Most of the time, I’m a pretty good sport when it comes to being pranked.

OK, that’s a total lie. I hate being the victim of practical jokes, but I love playing the part of the jokester — although, to be honest, most of my pranks fail due to my inability to keep a straight face.

But, I would never pull a prank that could cause any real damage — to a person or to their property. Filling someone’s coat pockets with chicken wing bones is one thing; placing a sharp metal object behind someone’s car tires is another.

As I backed out of my driveway Wednesday morning, my heart skipped a beat when I heard a loud thud. I had no idea what I could have possibly hit — there was nothing behind me, and I had plenty of clearance between my passenger side and the car parked next to me.

I immediately jumped out of my vehicle to investigate, praying that there wouldn’t be any damage — to my car or anything else.

Just behind the spot that had been occupied by my left front tire, I found an old, partially flattened metal coffee can. A broken piece of the rim was sticking straight up into the air. I touched the end of it — it wasn’t razor-sharp, but it definitely wasn’t dull. Fearing the worst, I circled my car a couple of times, looking for evidence of a punctured tire. Luckily, I didn’t find anything concerning.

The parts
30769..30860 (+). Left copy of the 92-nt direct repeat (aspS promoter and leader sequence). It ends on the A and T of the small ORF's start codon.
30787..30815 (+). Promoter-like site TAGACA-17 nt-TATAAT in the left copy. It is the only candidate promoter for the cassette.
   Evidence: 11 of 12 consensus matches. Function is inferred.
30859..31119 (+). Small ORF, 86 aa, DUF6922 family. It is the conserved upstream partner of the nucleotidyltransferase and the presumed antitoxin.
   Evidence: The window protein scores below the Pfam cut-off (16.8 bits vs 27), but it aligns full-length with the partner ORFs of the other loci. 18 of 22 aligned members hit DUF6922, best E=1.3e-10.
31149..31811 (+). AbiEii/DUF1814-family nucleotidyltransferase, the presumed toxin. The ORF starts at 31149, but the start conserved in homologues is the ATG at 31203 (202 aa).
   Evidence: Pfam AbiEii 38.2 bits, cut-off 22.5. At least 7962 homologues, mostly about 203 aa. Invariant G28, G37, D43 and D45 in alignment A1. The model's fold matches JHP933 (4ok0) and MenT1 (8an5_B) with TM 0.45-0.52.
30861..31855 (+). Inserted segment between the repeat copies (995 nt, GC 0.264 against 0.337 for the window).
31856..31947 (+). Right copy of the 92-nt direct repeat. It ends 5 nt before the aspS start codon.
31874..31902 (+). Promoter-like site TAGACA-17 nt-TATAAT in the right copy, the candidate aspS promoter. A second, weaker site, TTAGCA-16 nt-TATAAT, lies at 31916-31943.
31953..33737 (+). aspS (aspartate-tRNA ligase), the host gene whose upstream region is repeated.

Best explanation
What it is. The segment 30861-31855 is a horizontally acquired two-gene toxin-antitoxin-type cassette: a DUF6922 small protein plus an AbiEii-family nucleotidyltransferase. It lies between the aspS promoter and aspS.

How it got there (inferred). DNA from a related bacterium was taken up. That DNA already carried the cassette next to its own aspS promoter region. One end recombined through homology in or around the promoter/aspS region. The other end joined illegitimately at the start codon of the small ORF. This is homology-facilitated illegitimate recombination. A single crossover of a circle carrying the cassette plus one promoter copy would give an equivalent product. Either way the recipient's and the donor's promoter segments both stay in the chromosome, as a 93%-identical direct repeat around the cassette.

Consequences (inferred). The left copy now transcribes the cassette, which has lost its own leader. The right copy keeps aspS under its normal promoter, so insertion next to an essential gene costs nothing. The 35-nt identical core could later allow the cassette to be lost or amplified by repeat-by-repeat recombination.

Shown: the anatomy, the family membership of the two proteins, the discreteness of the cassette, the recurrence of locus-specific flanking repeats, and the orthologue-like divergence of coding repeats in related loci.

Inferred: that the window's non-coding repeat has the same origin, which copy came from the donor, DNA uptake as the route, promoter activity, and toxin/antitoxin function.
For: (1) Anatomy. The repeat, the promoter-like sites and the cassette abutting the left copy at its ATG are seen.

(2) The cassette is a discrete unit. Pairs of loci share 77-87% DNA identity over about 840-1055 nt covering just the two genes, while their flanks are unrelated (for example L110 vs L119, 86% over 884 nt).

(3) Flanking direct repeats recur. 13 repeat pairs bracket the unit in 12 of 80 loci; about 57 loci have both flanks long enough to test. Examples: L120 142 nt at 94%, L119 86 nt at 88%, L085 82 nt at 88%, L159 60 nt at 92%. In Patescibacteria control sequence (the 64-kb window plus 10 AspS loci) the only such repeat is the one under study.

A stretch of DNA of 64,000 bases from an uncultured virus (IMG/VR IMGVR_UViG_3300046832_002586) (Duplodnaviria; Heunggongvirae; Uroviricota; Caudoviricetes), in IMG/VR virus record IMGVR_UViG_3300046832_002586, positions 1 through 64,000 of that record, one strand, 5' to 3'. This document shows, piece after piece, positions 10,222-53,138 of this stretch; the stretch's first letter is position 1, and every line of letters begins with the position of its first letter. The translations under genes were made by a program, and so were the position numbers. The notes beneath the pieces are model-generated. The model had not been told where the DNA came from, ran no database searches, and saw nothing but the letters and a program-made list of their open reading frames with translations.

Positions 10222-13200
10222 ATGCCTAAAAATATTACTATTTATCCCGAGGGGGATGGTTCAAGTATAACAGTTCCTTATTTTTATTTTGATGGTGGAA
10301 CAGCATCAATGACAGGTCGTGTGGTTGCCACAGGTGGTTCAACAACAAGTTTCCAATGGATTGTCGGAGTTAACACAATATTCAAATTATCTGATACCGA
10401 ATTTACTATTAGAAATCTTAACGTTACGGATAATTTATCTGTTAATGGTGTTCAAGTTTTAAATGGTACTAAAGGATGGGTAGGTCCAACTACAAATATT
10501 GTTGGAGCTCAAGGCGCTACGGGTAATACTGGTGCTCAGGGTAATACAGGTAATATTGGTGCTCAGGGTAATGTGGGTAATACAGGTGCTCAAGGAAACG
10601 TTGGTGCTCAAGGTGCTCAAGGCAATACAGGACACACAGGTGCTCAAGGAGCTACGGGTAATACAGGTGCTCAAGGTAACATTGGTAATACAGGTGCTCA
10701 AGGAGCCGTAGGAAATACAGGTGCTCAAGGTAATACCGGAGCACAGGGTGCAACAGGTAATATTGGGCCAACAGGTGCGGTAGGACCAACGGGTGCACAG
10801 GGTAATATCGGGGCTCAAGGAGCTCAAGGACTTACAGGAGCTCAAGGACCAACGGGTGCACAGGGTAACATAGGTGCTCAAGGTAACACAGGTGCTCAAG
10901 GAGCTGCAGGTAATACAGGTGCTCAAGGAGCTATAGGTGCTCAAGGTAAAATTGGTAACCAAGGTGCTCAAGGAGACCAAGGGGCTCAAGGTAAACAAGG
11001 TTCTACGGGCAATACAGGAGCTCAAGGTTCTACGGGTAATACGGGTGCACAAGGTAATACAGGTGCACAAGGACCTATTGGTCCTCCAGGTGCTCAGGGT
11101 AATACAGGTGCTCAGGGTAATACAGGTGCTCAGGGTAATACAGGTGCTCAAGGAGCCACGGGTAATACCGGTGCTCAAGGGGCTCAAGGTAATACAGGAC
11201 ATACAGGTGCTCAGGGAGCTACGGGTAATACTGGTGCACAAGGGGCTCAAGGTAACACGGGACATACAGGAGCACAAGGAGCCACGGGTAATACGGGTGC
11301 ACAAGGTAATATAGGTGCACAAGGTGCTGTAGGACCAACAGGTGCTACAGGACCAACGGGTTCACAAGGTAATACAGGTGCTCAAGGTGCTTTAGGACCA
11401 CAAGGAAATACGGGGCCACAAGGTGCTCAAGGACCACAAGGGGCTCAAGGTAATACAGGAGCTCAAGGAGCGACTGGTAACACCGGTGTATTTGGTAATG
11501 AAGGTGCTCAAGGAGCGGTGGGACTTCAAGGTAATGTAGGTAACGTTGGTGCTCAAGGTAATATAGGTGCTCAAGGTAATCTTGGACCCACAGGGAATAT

I’m sure this little prank was dreamt up by a group of bored neighborhood kids who had nothing better to do. Really, the whole joke was a total loss, because they weren’t even there to laugh at me. (Which is probably a good thing, because I was mad. Really, really mad. Like, mad enough that I probably would have beat them up.)

So, what can we learn from this story, besides the fact that it’s obviously time for kids to go back to school? Well, I guess I realized that I need to be more aware of my surroundings. If I had been just a little more observant, maybe I would have seen the can before I felt it underneath my tires.

What I do know for sure is that those kids better watch their backs, because I know where to find chicken bones, and I’m not afraid to use them.

Brooke is a 2010 graduate of The University of Montana, where she ran track and cross country for the Grizzlies. She is currently working as a writer and editor in Missoula.

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